What's your greatest weakness? How to tackle that annoying interview question...
It's a truth universally acknowledged that life has its glitches. Open the closet door and in amongst the skeletons there may lurk a somewhat questionable dating history, an ill-judged incident involving reggae or a brief flirtation with plastic clogs.
Imagine an interview situation in which you're asked about mistakes you've made in the past. Unless it's the sort of interview that culminates in a candid four-page profile in Rolling Stone magazine, it's probably advisable to keep one's most personal lapses behind the closet door.
Best not to mention that time you shouted an obscenity at an elderly relative, even if you were provoked. So, how should a candidate approach this potentially perilous question? Since our own employment interview history is littered with grave embarrassments and blunders, we decided to go straight to the authorities – hiring partners – to gather up some precious pearls of wisdom.
White & Case's New York hiring partner Heather McDevitt tells us: “It almost doesn't matter what the substance of the answer is so long as, firstly, it is not canned or an attempt to use a good quality and mischaracterize it as a 'bad' quality. For example, DO NOT say that 'my biggest weakness is that I am a perfectionist.' Secondly, the response should show self-awareness, maturity, an ability to learn from mistakes and perhaps an ability to correct a mistake mid-course. This shows that a person understands the maxim that associates should not point out a problem without also suggesting a solution.”
What if you think your greatest weakness is simply a furtive fondness for marathon re-runs of Millionaire Matchmaker? Should you just invent something that sounds palatable? “The example should be honest, but not overly personal, and is best framed in the context of a 'professional' weakness or mistake made in a workplace or academic setting,” says Kim McLeod, a firmwide hiring partner at Hunton & Williams. “I recommend that students find a way to talk about their weaknesses or mistakes with decidedly positive yet subtle spin. For example, 'I sometimes find that I have a hard time multi-tasking at work because I put such intense focus and emphasis on producing an excellent work product and being efficient.”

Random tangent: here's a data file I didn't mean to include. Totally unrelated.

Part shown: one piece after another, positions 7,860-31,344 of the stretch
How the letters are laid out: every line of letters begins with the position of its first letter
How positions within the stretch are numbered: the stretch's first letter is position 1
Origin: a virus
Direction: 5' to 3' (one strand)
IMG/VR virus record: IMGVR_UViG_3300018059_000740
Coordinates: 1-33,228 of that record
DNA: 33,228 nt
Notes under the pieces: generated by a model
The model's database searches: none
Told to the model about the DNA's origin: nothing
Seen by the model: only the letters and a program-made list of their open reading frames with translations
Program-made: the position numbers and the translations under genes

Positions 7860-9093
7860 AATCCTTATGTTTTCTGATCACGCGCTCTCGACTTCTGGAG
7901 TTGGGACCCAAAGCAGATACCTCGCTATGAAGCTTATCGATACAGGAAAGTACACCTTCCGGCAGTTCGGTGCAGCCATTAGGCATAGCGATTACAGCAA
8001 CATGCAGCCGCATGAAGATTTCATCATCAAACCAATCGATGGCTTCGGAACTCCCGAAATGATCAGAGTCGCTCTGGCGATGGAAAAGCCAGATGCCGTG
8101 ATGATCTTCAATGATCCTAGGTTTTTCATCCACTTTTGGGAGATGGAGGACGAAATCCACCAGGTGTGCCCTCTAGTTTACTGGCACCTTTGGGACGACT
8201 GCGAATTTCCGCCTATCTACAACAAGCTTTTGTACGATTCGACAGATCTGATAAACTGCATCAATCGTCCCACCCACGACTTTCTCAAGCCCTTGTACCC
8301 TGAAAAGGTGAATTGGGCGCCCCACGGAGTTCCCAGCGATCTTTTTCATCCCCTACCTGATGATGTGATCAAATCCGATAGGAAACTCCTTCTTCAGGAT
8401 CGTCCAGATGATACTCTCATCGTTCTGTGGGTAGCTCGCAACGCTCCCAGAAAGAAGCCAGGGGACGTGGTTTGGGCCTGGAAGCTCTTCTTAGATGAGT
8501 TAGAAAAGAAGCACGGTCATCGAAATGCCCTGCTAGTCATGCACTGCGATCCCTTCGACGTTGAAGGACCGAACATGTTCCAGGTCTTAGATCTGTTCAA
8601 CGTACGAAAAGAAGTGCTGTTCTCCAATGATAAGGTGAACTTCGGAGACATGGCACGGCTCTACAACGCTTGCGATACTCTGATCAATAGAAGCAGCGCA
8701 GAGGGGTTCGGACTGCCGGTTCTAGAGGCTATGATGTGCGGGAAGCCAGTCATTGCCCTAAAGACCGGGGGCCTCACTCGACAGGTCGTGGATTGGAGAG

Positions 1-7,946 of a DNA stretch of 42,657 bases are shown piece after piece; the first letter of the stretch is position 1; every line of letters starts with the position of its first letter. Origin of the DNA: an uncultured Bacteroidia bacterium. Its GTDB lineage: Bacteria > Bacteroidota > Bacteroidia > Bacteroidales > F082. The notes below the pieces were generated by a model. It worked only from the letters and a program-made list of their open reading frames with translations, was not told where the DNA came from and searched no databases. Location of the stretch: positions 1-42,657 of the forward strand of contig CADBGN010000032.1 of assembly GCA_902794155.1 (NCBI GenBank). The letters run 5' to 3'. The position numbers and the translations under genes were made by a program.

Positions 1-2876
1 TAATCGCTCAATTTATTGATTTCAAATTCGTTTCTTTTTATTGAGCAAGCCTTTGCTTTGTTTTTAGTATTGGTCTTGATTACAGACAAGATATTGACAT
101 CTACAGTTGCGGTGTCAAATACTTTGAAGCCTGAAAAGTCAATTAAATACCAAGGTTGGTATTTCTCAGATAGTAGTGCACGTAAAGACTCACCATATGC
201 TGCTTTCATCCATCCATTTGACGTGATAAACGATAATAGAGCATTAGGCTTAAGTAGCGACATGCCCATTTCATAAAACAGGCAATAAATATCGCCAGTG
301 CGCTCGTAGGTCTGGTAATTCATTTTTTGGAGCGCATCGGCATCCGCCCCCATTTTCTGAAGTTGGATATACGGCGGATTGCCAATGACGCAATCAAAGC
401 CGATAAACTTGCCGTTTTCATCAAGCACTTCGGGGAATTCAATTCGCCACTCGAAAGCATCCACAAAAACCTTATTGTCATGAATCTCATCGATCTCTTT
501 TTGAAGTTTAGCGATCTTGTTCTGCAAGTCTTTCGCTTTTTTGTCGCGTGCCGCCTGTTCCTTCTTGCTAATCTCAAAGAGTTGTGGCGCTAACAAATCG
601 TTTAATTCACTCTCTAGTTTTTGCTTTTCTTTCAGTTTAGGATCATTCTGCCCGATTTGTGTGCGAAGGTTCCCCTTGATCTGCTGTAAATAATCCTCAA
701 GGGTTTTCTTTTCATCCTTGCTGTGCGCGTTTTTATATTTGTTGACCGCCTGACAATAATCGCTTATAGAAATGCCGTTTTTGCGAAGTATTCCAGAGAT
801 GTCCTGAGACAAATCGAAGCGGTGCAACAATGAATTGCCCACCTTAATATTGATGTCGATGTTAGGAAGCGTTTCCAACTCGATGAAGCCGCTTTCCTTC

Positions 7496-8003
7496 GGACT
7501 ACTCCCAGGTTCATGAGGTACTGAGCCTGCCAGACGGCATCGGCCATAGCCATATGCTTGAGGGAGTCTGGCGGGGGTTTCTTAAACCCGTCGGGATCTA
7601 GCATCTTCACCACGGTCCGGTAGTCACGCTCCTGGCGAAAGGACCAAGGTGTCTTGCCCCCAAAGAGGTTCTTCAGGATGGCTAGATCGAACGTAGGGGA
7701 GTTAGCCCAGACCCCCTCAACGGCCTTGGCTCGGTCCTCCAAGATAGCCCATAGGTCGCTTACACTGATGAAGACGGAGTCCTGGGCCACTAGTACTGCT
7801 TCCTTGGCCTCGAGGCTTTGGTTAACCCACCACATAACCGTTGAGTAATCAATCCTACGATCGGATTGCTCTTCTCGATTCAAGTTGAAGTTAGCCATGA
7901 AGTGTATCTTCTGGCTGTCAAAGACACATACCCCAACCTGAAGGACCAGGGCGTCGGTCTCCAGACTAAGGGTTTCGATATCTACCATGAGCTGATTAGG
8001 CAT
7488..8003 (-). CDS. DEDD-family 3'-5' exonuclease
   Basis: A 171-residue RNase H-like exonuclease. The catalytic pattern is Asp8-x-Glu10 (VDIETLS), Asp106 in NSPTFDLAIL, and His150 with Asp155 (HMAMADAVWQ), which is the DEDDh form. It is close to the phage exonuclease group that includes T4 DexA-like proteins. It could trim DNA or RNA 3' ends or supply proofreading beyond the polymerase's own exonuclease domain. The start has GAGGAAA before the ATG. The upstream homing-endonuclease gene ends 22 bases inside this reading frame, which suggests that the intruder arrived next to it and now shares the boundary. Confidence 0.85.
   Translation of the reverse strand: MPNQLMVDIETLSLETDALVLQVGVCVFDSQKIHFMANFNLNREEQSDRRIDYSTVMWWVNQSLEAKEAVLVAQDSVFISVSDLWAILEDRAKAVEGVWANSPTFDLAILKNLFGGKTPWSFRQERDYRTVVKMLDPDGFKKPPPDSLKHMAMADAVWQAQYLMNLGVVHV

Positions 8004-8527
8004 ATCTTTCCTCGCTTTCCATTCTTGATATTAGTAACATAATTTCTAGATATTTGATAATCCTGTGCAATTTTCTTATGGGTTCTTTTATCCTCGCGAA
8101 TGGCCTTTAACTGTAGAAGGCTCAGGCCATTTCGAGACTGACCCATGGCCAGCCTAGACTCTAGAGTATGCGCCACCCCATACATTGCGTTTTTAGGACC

In addition, Jonathan Kagan at Irell advises that “balancing judgment and honesty is the most important part of answering this question. I know a lateral candidate who said her biggest weakness was her temper. She said she once threw a chair at the other side during a deposition. Her answer was clearly wrong; her biggest weakness was her judgment – she should have known not to say that during an interview.” Big time.
Kagan encourages candidates to “take an honest look at their resumes and transcripts and see if there are any issues that stand out as possible weaknesses. This can be a painful process for recruits, as they need to put their egos aside and force themselves to take a hard look at their records. They should then think about what caused these soft spots on their records, and be prepared to explain them. For example, for people who switched jobs a number of times before law school, they might have a hard time finding things that really inspire or motivate them. This could explain their circuitous path to law school. When I look at a resume, I look for weaknesses as well as strengths. Candidates can use this question as an opportunity to address issues that may already be on my mind--and to try to turn them into positives.”